11:31 – We’re still building and shipping science kits. This weekend, we should be able to finish labeling containers for the state virtual school order and get at least a good start on filling them. We told the customer we’d ship their first 40 kits before month end and the remaining 40 in the first week of September, but I hope to be able to get them all shipped by the end of the month.
I just activated Barbara’s new GSM phone. She’s playing with it now, setting ring tones, entering her phonebook, etc.
6 Comments and discussion on "Saturday, 17 August 2013"
Just upgraded Firefox—again. I swear Mozilla is going to drive me nuts before they give up. For many recent versions, if you “Exit” FF, it would remember all open windows and tabs. When you opened FF again, it would show all the tabs, but load only the one active tab in each window, leaving the others without taking up memory until you actually clicked on it. Now, the first thing it would load as active, is the offline page you were previously looking at. Very valuable asset, because you never lost anything you might be working on, should the page get updated while you had FF closed.
The only downside to that is that occasionally, I had about 10 tabs open to create the daily weather report I record for the radio project. No problem—I just hit ‘reload all tabs’ twice, and I was current.
But suddenly, with this version, it automatically loads the current updated page from the Internet, instead of the offline one you might have been working on.
I really, really hate upgrades! We’re far enough along in the computer revolution that they should not be necessary anymore. Even Cinelerra has not had an upgrade since 2009. What gives at Mozilla?
My software business is considering abandoning our Windows front end and moving to a browser front end. We are trying to figure the usefulness of the browser based environment versus the dedicated userness of the Windows environment. The browser will never be as good as the dedicated Windows app but it is trying to be. Enough so for us to move and thus get the complete range of potential customers: Windows, Mac, IOS, Droid, etc.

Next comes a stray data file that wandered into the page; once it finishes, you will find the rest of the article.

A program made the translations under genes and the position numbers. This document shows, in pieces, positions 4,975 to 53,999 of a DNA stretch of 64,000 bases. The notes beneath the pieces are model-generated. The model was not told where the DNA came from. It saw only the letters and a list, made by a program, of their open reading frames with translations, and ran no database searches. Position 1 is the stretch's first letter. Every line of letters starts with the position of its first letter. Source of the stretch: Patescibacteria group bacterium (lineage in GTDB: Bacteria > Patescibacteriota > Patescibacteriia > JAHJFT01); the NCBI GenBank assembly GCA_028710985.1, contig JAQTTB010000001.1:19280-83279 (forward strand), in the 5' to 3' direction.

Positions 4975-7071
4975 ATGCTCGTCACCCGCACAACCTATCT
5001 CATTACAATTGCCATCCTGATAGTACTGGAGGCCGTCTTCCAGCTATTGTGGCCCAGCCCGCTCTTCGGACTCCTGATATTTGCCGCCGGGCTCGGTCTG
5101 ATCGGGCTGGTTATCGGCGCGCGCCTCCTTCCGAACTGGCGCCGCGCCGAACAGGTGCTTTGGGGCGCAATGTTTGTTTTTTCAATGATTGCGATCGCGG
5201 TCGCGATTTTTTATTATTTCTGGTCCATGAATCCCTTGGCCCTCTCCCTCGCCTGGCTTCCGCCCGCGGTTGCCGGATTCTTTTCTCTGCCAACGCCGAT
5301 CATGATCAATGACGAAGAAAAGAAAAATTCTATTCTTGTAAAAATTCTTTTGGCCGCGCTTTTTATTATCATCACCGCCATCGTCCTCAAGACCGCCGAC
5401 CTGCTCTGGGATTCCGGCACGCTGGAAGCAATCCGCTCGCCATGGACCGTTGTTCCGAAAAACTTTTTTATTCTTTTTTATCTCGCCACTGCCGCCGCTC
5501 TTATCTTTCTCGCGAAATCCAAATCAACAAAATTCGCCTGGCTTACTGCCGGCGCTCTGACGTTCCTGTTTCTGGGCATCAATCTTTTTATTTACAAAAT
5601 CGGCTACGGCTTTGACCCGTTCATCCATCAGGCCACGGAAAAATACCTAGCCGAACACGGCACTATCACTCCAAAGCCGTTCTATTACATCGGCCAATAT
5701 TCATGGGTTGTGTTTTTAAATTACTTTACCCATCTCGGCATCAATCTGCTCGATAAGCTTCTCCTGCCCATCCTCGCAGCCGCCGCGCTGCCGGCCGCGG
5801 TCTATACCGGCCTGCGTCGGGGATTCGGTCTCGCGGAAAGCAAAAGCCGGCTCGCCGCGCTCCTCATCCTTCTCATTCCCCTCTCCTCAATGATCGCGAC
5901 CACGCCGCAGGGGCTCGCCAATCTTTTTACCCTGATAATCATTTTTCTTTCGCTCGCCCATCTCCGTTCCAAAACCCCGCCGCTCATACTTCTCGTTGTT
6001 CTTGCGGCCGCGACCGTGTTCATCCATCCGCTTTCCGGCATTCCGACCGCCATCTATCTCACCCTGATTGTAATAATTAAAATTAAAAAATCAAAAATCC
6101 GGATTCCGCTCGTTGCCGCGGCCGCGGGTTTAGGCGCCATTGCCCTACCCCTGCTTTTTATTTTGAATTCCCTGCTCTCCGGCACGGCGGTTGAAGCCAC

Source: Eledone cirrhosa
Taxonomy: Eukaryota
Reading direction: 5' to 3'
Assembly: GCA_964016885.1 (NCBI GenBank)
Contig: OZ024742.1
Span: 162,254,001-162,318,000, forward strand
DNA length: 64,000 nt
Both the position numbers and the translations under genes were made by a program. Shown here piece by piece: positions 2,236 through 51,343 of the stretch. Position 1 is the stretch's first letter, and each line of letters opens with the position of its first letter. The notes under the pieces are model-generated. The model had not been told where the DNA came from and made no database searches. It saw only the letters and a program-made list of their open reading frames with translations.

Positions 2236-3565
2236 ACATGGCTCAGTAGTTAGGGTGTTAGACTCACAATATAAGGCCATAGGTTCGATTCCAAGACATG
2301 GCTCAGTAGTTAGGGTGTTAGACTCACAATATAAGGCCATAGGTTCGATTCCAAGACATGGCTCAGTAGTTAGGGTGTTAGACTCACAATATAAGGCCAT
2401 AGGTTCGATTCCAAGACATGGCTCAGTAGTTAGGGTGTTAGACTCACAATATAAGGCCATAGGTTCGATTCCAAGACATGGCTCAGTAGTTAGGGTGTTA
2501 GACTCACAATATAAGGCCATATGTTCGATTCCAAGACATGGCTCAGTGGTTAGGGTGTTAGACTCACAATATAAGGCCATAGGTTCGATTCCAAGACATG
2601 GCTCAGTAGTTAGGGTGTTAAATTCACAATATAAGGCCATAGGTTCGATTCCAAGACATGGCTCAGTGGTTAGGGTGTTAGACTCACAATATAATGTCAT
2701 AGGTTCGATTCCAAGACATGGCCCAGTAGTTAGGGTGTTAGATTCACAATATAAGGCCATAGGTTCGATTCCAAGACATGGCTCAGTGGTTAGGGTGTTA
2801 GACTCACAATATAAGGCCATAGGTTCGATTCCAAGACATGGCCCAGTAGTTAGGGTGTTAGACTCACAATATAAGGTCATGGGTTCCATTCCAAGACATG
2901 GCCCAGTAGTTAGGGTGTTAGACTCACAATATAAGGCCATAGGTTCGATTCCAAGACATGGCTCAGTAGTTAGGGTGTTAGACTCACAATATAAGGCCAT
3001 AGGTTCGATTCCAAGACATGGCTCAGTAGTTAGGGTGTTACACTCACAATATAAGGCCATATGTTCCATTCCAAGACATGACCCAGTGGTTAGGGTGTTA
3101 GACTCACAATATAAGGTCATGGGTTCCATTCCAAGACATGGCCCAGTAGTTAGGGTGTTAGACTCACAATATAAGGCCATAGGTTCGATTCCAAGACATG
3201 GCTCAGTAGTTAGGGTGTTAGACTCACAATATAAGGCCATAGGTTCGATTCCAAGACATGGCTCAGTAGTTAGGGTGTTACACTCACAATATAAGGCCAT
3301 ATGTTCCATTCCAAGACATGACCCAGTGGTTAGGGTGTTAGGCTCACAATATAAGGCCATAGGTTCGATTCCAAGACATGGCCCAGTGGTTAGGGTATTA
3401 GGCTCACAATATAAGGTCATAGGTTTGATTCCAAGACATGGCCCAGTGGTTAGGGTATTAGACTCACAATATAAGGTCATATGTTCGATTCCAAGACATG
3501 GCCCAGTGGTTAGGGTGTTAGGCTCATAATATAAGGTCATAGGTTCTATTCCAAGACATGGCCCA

This is what is killing Microsoft, the commodization of the operating system. Their business model is based on growing the number of computer users running Windows. That stopped a year ago and is rapidly decreasing as people move to IOS and droid variants.
MS also relied on user data lock-in with their office line, their email server, and SharePoint. In all of these, it’s time-consuming and painful to get your data out for use in another database or word processor or whatever you, the data’s owner, want to do with it. In a corporate environment, it’s cheaper to just pay the (ever-increasing) annual license fee.
There’s a good argument that GoogleDocs and similar (non-MS-controlled) cloud-based apps are a bigger threat to MS’s bottom line than are any number of non-Windows operating systems.
Google Docs, et.al. might work for a small business or individual. But don’t expect them to make much headway in publicly traded companies due to data security concerns. You can’t have business sensitive information stored on servers you don’t control, mission critical data dependent on the good will of other companies, etc. And for companies that deal with ITAR, HIPAA, or Sarbanes-Oxley data it’s out of the question, not to mention classified data.
For all their faults as apps, a well-configured system of servers and PCs running Windows, Office, and Exchange runs smoothly and efficiently.
Could something come along and unseat it? Sure. But MS has a lot of installed seats in corporate America.
I don’t know what it is about Queensland boys, but they seem to love blowing themselves up with home made bombs:
Wow, looks like Google did a full reboot Friday afternoon (I was searching at the time and noticed it):
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